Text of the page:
A 180-degree shift in the camera’s point of view marks Russell’s recent 5-by-12 inch platinum prints in which he directs the lens at himself, appearing in the company of nude women in staged tableaus. In these works the photographic frame becomes a proscenium, the photographer and his models, actors. The overall effect is that of a series of self-portraits set in enigmatic film stills not unlike the photographs of Cindy Sherman, but with a special emphasis on the passage of time across the wide frame. In Autoportrait No. 2; Lennox, 1998, the proscenium is a car’s windows. Russell and his nude model sit in silence, motionless. Tension simmers beneath the surface. In Willow Street No. 1; Boston, 1997 Russell appears at the extreme left edge of the composition, in the act of tying (or untying) his necktie. At right, three naked women occupy the living room. The panoramic format then enables the photographer to add literal distance to the psychological estrangement between the players in this scene. Stillness is reinforced by the long exposures, which force Russell and his models to stay in character across the moment. The long exposure also contributes to the illusion that we are witnessing a performance in both space and time.
Sarah’s Room No. 1; Stockbridge, 1997 is a dreamlike work in which motion is introduced during the course of the long exposure, leading to distortion and dematerialisation of the body. A nude model on the bed waves her arms, causing them to dissolve into wispy smoke like forms, while Russell again appears in the background tying his bow tie. He achieves a similar effect in Goose Pond No.1; Tyringham, 1997, as he moves the camera while it rotates, producing undulations in the nude’s limbs as well as the water in the landscape. The strange subject matter, combined with the optical distortions through time, suggest that the frame has opened onto a dreamworld. Although these images generally confound narrative readings, by virtue of Russell’s presence they lend themselves to interpretation as self-portraits in which the nudes function as muses, the photographer as dreamer. While Russell remains in the wings, he is empowered largely by the fact that he remains fully clothed and by his actions remain grounded in reality.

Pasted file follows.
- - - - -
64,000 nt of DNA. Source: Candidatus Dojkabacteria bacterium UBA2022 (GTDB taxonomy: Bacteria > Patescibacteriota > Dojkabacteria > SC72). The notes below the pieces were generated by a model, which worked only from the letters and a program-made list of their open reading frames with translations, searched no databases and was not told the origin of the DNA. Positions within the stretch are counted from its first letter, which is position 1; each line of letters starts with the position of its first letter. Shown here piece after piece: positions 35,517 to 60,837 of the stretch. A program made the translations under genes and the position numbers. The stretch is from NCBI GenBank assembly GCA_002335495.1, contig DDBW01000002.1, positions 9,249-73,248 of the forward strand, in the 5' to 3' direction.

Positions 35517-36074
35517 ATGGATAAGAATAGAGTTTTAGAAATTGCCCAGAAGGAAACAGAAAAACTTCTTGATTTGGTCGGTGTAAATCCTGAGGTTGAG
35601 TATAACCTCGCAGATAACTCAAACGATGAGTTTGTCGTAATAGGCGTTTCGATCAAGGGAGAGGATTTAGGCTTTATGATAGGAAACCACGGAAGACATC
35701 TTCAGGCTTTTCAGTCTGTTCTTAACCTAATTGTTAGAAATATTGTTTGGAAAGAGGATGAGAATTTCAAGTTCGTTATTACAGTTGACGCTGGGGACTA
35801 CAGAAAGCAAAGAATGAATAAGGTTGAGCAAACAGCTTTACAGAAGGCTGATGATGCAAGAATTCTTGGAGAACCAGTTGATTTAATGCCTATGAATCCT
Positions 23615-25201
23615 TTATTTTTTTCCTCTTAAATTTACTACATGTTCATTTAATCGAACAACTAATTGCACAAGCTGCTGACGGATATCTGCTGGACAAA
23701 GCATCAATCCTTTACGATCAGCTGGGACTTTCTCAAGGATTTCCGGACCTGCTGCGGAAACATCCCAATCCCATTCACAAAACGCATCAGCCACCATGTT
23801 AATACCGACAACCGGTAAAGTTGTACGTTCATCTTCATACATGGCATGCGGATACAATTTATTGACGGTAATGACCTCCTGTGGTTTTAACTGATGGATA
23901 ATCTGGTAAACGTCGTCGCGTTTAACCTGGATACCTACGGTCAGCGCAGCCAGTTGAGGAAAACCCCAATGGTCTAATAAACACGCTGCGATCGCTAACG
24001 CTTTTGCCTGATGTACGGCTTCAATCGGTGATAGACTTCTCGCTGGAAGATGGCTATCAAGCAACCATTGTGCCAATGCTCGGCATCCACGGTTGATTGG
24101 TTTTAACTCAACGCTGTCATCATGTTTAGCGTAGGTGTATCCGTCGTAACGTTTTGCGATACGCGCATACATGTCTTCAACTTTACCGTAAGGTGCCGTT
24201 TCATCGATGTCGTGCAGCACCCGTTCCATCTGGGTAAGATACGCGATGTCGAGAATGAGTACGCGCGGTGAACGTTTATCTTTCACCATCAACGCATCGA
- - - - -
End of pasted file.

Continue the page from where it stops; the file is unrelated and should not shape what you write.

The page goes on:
Five Masked Women; Stockbridge, 1996 brings together a number of Russell’s concerns. The women are unself-conscious in the way they display their bodies, although they cover their faces with masks. The surreal quality of the scene is again enhanced by Russell’s shaking of the camaera during its slow pan, causing bizarre distortions of the model’s limbs. Like a dream, the wide print fills our consciousness, just as it extends to the limits of our peripheral vision. What does it all mean? The English poet and critic Stephen Spender once wrote of W.H. Auden’s poems that they are like crimes without an apparent motive. The same might be said of Lincoln Russell’s most seductive photographic visions.